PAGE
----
But For Just One Day

Recently, my project has been a reasonably big source of stress in my life. The October deadline, my slow rewriting pace, and general uncertainty about multiple aspects of the project caused me to hide from my project rather than face it head-on. That’s not good; mainly because this is my dream. So, I will be taking this opportunity to remind myself of some of the good things about my book and the positive effects it has had on my life. Dreams require struggle, but the appreciation of positive elements is equally important.

cheerful close up coffee cup
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I found the most enjoyable part of this project was the writing itself. I’ve always loved  writing free-style and seeing where the story takes me, and the chance to devote hours every day to a single work was an inspiring use of my time and capabilities. The consistency and frequency of the writing quadrupled my productivity compared to anything I’d done previously. Spending time with my characters and watching them become new and engaging people energized me, exciting me to see where they would go. A chance to write and focus on a mainstay passion in my life is a solid source of joy from the project.

In terms of personal growth, my confidence has evolved in spades since I started. Because I lack many of the skills needed to present a book (internal formatting, cover art, marketing, publishing, even editing), I’ve needed to reach out to others for help. I’ve made contacts with artists, designers, other authors and people who work in the mental health field. My ability to talk to strangers has increased tenfold, and the more I explain my project to them, the better I come to understand and appreciate my work. This project has helped me to increase my self-confidence, my willingness to share my work, (a necessary element of authorhood), and my pride in my growing abilities.

blooming blur close up daisy
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My book has also helped me to understand the circumstances it is based off of better. It’s no secret that my book roughly follows real-life events from my life, and, in part, I chose to write this story to help myself process those events. Though the book depicts different circumstances and even characters to some extent, by talking to the people who are reading through my work, and the people who lived through the situation, I’ve come to understand my role as its storyteller. I am the person who learned the most from what happened because it highlighted where I need to grow as a person. Walking Sam through the events, and forming her thoughts and actions have helped me to understand my thought-process and consider how I could have acted better. Sam behaves as a mirror for me, highlighting the real emotions in the situation and demonstrating human reactions to it, positive and negative. Because of what I learned and how I grew, there is value in me sharing this story.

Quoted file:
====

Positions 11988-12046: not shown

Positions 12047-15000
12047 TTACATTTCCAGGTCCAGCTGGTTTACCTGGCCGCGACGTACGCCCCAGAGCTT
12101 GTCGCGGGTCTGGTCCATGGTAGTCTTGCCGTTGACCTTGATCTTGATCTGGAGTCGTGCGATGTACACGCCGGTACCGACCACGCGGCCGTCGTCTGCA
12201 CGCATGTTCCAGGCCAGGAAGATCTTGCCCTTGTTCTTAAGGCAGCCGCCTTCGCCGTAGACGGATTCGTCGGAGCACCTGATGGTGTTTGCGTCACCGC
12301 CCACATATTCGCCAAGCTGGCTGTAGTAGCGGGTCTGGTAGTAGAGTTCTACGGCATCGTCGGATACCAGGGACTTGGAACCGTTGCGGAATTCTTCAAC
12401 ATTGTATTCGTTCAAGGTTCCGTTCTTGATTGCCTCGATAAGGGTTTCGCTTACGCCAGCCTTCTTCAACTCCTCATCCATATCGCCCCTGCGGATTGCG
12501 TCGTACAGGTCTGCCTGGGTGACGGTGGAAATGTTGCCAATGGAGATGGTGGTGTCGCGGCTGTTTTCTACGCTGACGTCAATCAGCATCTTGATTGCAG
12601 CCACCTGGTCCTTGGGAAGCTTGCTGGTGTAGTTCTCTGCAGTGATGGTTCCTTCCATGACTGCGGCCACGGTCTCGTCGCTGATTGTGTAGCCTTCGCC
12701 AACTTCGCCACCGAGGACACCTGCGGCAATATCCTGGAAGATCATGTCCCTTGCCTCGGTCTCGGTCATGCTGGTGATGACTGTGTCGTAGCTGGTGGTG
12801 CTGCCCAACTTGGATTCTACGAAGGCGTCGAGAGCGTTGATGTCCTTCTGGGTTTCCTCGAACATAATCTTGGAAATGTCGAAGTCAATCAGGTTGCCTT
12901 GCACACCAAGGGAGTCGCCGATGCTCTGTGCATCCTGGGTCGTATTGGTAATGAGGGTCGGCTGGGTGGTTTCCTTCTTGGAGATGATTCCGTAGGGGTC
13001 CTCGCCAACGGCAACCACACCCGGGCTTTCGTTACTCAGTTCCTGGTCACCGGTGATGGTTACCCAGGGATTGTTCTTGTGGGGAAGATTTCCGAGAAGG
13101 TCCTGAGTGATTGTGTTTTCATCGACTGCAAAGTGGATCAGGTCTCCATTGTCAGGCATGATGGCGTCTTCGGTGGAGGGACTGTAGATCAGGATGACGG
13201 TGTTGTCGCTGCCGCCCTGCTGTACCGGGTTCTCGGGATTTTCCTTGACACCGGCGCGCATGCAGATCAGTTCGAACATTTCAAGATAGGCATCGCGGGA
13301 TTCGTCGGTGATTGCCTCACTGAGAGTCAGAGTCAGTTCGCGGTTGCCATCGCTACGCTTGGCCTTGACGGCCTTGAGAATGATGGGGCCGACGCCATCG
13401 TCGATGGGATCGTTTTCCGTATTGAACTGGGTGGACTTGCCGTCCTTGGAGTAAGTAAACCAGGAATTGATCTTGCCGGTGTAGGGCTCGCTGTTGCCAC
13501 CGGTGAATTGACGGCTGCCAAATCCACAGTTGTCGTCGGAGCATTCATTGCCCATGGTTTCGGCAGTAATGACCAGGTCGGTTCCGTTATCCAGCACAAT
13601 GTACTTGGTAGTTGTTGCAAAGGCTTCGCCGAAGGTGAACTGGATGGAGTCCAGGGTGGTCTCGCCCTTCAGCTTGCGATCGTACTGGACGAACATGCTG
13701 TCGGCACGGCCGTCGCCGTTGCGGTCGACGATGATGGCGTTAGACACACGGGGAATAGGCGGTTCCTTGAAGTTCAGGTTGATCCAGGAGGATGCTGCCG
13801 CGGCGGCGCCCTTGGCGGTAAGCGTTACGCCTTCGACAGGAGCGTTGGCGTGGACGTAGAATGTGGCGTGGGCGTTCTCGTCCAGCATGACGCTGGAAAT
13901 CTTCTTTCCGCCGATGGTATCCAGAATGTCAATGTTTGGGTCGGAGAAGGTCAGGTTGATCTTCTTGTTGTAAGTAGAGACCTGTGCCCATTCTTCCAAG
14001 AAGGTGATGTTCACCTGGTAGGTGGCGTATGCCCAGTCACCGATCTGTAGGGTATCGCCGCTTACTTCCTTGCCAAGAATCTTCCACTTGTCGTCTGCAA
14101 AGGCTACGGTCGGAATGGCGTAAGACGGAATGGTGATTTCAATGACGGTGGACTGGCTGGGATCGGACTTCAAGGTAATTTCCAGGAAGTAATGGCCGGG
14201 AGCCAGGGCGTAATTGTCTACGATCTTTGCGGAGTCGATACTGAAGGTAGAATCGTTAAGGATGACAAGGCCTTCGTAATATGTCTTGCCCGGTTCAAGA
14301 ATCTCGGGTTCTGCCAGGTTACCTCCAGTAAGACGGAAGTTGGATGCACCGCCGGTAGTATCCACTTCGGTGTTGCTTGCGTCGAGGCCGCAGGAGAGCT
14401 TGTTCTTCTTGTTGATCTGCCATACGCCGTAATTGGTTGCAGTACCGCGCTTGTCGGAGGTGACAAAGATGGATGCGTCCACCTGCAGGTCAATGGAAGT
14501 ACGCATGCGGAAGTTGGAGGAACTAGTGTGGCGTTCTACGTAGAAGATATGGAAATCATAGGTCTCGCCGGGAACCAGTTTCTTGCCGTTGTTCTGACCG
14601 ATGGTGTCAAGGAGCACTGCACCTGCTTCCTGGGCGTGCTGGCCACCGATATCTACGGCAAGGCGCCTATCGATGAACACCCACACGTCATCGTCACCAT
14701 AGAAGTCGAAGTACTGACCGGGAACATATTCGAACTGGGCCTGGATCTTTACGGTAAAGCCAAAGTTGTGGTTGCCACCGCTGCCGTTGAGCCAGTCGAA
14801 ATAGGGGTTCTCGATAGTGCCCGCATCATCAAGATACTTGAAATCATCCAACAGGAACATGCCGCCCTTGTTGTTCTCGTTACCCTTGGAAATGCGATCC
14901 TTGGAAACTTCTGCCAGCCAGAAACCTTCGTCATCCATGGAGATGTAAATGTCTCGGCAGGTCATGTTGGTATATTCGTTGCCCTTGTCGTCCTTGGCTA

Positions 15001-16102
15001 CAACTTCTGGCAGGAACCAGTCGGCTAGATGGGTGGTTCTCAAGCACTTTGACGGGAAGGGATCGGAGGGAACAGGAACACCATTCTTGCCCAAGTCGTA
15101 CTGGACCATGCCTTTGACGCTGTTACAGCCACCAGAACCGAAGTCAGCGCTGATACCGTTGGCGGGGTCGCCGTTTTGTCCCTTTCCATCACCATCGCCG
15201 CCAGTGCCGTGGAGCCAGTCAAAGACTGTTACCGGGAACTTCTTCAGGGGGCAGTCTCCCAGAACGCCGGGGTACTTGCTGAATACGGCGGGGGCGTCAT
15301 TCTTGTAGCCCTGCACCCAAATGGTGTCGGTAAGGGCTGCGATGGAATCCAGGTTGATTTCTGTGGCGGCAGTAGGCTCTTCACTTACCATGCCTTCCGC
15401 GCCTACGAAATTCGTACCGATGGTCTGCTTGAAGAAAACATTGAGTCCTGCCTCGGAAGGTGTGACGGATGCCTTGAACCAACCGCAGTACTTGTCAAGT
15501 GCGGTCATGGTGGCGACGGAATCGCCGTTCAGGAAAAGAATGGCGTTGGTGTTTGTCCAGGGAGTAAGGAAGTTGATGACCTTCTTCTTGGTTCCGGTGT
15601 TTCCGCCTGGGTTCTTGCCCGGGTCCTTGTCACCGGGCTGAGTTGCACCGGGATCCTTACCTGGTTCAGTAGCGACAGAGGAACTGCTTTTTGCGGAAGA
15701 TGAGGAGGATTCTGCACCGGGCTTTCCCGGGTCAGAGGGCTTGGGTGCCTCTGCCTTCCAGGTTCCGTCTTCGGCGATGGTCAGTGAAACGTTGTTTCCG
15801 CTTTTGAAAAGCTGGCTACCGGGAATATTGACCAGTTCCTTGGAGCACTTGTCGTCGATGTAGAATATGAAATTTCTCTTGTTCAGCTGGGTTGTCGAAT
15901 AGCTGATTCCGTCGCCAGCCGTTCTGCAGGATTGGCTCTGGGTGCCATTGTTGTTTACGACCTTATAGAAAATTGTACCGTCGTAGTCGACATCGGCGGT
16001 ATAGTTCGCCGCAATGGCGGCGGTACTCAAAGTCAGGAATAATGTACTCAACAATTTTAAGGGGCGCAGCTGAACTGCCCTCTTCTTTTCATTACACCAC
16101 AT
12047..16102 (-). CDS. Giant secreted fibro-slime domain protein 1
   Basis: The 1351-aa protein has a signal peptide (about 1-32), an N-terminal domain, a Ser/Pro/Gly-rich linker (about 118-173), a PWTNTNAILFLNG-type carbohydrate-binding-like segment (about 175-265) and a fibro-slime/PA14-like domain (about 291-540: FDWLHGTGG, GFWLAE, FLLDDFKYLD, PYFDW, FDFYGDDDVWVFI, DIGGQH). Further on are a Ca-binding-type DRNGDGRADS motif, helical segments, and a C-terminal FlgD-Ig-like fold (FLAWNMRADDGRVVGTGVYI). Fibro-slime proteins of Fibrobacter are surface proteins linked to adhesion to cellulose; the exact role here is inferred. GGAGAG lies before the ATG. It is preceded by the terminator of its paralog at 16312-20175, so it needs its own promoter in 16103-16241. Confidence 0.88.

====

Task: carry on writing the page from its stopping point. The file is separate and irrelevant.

Throughout the process, there have been good experiences and stressful ones. It can be easy to forget about all of the good things because I feel trapped in the cycle of editing and deadlines. The confidence that I’ve gained, as well as my new understanding of my role in the situation, are worth the price of the work, as is the achievement of my dream. Dreams take effort, but when you’re committed, they end up being worthwhile. That’s what I’m going for.

joy painting brush
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Thank you to everyone who has supported my dream and for your endless encouragement.

Project Status: The rewrites continue slowly.

Author: katiefortinwrites

A writer for 8 years now, I'm here to continue my endeavors and to share my journey and experiences as I work through my latest project: a book about depression, hope and overcoming. I hope you stay and laugh and cry with me as we go down this road together. Who knows what beauty we'll find there?

2 thoughts on “But For Just One Day”

  1. So true, Katie …. the initial writing process is inspirational and heartwarming even though you are confronting difficult subjects…. but the revising period is always frustration plus, the need to improve your presentation to be at a par with all the competition out there … you’re at the beginning of your writing career and these are essential steps to learn because the frustration of revising doesn’t go away, you just get better, become a stronger writer.

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  2. I like Carole Hughes’ comment on the frustration of revision – no, it doesn’t go away, but I must tell you that it does get
    easier, just like “I am a writer, so I write”. Revision is editing, and because you have become an editor, therefore you can
    edit, and do it more easily than you would ever have dreamed at the beginning. I’m rooting for you. Can’t wait to see the finished product! Connie Rowe.

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